Has the process of mediation gone “off the rails?” Has public confidence in mediation been eroded by recent events? Is there a need for regulation or would better efforts at self-governance serve the profession and the public well? This panel, comprised of recognized ADR industry experts and thought leaders, will propose discrete measures that the profession can implement in the near term for greater self-governance and fewer threats of external regulation. The panel will delve into the threats behind proposed regulatory enactments that threaten the very fabric of mediation confidentiality and propose solutions that mediators can adopt for the future of mediation and the public it serves.


All Roads Lead to Rome: Forging Your Own Path to a Career in Mediation

CLE Credits: 1.0 Recognition and Elimination of Bias

In this workshop, ARC and MCLA neutral and former Court Commissioner Anthony S. Khoury–a Straus LL.M. student, Community Mediator and former Child Welfare Administrator Cheryl Epps–a Straus MDR student, and Professor Sherri Sturgeon–a Straus MDR alumna, who’s also an Adjunct Faculty Coordinator for the Straus Mediation Clinic, will present three different paths to a career in the field of mediation (litigation/bench, volunteer, academia), and three different types of mediation settings (attorneys in a litigated case, community disputes, self-represented litigants), based on their respective experiences building a mediation practice. This workshop will cater to both mediators and prospective mediators who are attorneys, law students, and non-attorneys, and will include a PowerPoint presentation, a question and answer session, audience polling/participation, and a discussion of practical tools for use in different mediation settings.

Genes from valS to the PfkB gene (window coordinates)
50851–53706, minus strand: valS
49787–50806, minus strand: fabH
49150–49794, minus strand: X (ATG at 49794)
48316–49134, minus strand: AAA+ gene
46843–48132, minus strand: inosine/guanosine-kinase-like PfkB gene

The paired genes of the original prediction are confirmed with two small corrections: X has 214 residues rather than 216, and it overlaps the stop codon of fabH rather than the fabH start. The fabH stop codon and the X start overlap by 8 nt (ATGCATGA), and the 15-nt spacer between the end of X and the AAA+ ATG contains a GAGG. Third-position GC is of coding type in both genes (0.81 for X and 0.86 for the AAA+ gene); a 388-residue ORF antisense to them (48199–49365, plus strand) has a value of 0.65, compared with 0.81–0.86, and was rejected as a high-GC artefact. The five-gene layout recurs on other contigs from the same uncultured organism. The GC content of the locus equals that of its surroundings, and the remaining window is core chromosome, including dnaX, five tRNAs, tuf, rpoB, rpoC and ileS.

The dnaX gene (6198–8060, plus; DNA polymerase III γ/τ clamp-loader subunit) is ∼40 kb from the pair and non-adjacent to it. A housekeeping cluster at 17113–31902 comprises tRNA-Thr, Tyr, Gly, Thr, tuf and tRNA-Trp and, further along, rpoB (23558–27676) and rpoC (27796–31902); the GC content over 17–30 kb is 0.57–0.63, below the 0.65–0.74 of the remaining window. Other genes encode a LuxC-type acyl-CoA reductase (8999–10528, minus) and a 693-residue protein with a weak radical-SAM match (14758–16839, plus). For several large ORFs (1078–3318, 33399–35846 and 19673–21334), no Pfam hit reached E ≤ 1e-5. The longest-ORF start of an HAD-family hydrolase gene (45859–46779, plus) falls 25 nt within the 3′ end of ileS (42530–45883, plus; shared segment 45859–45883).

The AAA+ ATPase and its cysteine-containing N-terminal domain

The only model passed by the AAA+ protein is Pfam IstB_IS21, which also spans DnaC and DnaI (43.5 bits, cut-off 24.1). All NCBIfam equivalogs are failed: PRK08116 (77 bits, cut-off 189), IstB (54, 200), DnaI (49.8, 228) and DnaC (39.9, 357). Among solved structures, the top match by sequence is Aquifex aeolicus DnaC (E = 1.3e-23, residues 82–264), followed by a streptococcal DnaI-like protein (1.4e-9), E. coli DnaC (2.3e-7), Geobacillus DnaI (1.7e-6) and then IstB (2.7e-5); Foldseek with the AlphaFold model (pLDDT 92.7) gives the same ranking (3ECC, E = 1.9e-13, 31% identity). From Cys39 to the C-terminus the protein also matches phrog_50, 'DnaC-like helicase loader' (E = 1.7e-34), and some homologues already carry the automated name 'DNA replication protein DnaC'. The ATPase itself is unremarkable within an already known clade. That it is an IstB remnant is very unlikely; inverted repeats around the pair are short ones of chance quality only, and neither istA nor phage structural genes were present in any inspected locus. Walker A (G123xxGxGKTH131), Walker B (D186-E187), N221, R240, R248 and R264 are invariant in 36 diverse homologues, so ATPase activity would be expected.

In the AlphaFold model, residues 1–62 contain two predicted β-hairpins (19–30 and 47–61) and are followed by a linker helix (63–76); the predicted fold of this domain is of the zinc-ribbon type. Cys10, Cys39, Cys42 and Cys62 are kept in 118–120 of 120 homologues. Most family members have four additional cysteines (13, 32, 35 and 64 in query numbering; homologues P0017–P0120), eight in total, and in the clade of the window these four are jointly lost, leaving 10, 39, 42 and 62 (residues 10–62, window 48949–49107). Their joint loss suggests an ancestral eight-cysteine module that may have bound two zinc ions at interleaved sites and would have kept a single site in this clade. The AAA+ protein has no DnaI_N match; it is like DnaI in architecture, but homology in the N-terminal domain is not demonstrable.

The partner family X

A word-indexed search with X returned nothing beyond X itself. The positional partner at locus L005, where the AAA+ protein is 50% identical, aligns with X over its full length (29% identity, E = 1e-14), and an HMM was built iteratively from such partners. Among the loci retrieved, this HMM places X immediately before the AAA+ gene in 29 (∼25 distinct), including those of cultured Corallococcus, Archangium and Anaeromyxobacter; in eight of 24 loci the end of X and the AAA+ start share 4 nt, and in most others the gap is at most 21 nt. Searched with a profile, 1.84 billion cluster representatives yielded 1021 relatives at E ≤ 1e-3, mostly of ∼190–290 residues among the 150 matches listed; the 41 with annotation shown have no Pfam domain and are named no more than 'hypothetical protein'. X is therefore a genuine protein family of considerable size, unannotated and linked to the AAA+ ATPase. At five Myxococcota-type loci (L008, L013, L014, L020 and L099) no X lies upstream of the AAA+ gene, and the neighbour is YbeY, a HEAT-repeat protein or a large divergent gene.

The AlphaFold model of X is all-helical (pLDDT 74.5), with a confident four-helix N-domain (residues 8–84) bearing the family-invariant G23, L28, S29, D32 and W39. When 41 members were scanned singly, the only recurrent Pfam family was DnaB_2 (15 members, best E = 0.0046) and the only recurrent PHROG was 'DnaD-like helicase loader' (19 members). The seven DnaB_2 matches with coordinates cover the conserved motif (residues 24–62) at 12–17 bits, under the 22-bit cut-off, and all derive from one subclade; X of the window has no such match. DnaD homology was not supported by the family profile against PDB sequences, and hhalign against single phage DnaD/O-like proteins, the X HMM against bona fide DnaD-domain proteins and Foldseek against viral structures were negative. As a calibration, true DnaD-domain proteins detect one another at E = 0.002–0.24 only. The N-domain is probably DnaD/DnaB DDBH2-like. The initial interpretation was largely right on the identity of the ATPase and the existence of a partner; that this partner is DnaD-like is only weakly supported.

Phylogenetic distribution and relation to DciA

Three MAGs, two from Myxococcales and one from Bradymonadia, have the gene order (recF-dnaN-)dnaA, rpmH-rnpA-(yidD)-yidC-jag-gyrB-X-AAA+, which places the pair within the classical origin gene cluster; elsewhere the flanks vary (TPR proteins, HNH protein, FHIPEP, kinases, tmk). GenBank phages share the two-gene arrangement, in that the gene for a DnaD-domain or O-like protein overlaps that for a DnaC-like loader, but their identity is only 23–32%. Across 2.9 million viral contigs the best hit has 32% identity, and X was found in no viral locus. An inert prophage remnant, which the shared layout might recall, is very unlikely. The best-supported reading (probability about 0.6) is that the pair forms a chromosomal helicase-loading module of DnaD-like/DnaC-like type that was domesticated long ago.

WORDS Matter – What to Leave at the Courthouse When Mediating

CLE Credits: 1.0 General

Words wield tremendous power in the mediation process, influencing the parties’ ability to find resolution and maintain their focus on the shared goal of resolution rather than litigation. To enhance listening and negotiation abilities in mediation, the impact of language and its impact on the conflict mindset is significant. Legal advocates and mediators have the opportunity to explore the critical importance of choosing their words wisely when engaged in the mediation process. Harold and Dr. Debra delve into the nuanced challenges that arise when courtroom language seeps into the mediation room and how it can hinder progress.

Using more neutral, inclusive, and collaborative terminology can help mitigate the negative effects of strong language. For example, referring to “parties” instead of “opposing counsel” or “disputants” can create a more balanced and cooperative atmosphere.